People were also found to be less likely to recommend Huawei as it suffered its lowest-ever “recommend” score of 17.1, a 11.9 point drop from its peak score of 29.0. Brand consideration scores also fell from 32.4 to 24.7, a drop of 7.7 points.
However, the challenge for the BBC is that is cannot, legally, address any of the specific issues or concerns that have hit the news agenda in the branded content campaign.
“The BBC is a news organisation first so [StoryWorks] won't do anything that covers current affairs or tell a story that has anything to do with what's going on with Huawei [in the news],” explained Eliot.
“The BBC has an iron curtain between news and commercial side of things. Everything that [StoryWorks] does has to go through legal compliance as well as a board of people to ensure that those relationships are completely separate and there's no influence from one side or the other. We're not allowed to touch any topic which is being featured in current affairs, regardless of the authenticity. We have a blanket ban, we can't focus on it or comment on it.”
The campaign will instead focus on the history of Huawei. Eliot and her team have gone through its extensive archives and interviewed employees from across the decades to put a spotlight on the “core values” of the original company. “There's a lot of mystery surrounding the company which makes the storytelling of it really interesting,” she said.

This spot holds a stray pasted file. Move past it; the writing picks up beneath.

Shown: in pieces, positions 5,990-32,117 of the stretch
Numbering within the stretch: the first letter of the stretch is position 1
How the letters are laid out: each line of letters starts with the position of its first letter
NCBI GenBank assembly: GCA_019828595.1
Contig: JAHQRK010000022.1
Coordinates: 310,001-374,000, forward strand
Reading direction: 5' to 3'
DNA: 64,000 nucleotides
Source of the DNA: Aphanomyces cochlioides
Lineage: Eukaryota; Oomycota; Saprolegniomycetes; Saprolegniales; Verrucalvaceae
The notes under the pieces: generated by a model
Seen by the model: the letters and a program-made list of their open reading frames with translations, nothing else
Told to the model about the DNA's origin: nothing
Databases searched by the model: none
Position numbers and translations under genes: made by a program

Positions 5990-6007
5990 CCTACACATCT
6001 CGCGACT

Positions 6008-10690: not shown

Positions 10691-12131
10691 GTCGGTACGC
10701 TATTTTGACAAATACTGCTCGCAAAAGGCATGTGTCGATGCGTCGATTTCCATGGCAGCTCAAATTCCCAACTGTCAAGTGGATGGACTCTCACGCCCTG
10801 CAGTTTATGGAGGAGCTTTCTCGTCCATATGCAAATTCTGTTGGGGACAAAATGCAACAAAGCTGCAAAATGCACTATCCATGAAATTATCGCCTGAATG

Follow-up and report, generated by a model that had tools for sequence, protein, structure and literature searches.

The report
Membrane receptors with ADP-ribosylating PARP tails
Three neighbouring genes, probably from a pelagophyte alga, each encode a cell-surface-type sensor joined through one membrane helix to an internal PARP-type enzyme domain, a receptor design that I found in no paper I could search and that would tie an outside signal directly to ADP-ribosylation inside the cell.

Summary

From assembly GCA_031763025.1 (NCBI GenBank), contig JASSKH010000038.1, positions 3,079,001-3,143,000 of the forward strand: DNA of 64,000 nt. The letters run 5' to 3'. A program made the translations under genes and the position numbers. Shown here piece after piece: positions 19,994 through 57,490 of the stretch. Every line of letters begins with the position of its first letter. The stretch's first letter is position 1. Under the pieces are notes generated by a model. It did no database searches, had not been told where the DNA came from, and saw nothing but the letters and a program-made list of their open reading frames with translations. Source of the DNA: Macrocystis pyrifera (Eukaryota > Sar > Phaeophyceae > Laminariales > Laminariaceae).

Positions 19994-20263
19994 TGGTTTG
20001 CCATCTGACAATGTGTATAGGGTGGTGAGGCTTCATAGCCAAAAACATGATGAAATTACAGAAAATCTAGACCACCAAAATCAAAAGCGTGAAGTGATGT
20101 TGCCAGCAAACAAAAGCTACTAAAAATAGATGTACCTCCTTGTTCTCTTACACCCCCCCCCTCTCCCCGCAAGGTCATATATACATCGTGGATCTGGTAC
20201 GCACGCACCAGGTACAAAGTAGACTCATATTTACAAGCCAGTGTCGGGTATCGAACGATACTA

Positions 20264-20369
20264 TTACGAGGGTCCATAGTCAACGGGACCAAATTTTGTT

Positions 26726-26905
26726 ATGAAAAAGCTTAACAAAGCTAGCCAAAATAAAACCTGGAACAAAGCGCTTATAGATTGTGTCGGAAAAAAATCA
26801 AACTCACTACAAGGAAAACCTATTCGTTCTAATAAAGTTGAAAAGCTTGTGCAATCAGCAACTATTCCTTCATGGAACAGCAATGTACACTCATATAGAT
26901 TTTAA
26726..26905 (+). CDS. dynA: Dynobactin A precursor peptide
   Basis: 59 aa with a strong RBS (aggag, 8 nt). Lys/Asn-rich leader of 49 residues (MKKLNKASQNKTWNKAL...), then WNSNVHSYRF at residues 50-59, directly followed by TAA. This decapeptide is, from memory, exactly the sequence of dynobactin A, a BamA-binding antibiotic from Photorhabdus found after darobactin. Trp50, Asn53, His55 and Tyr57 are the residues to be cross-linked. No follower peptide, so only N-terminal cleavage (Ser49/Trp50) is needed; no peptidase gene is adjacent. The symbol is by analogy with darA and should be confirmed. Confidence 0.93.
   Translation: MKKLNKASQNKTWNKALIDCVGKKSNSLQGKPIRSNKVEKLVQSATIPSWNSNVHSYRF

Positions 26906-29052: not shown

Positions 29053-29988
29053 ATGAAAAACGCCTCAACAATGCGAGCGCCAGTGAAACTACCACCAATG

Given the events of the past year, Eliot wouldn’t have been surprised if a brand in a similar situation had walked away from its ties to a news organisation covering negative reports. It’s happened in the past and will happen in the future.
However, she applauded the “bravery” of Huawei for being “unafraid” of breaking news and “understanding” the BBC has a job to do.
“There’s a great level of mutual respect. As a news channel, it has its priorities and as a brand owner, we have our priorities. Compliance is really important. We do appreciate BBC in the way they manage such a delicate manner,” added Wong.
Huawei could of course have opted to work with a traditional advertising agency partner, both for this campaign and for the films that have been produced by StoryWorks over the past three years. Wong said it’s an interesting time in the client-agency relationship and Huawei, like others, is trying to work out where branded content specialists fit within the wider roster mix.
The way Wong divides the work comes down to a matter of speed. If it needs something turned around quickly and with a “sharp” response it will go directly to an ad agency but for any projects with “the luxury of time” he would go to the BBC.
“The BBC have the economy of scale that the ad agencies don't have. Ad agencies have the agility that the BBC doesn't have They both have their own strengths and are relevant,” he said.
BBC StoryWorks is now a significant contributor to BBC Worldwide. The company announced that preliminary end of year results that 2018/19 was its best year ever for profitability as it saw a 4% sales increase for both advertising and content distribution.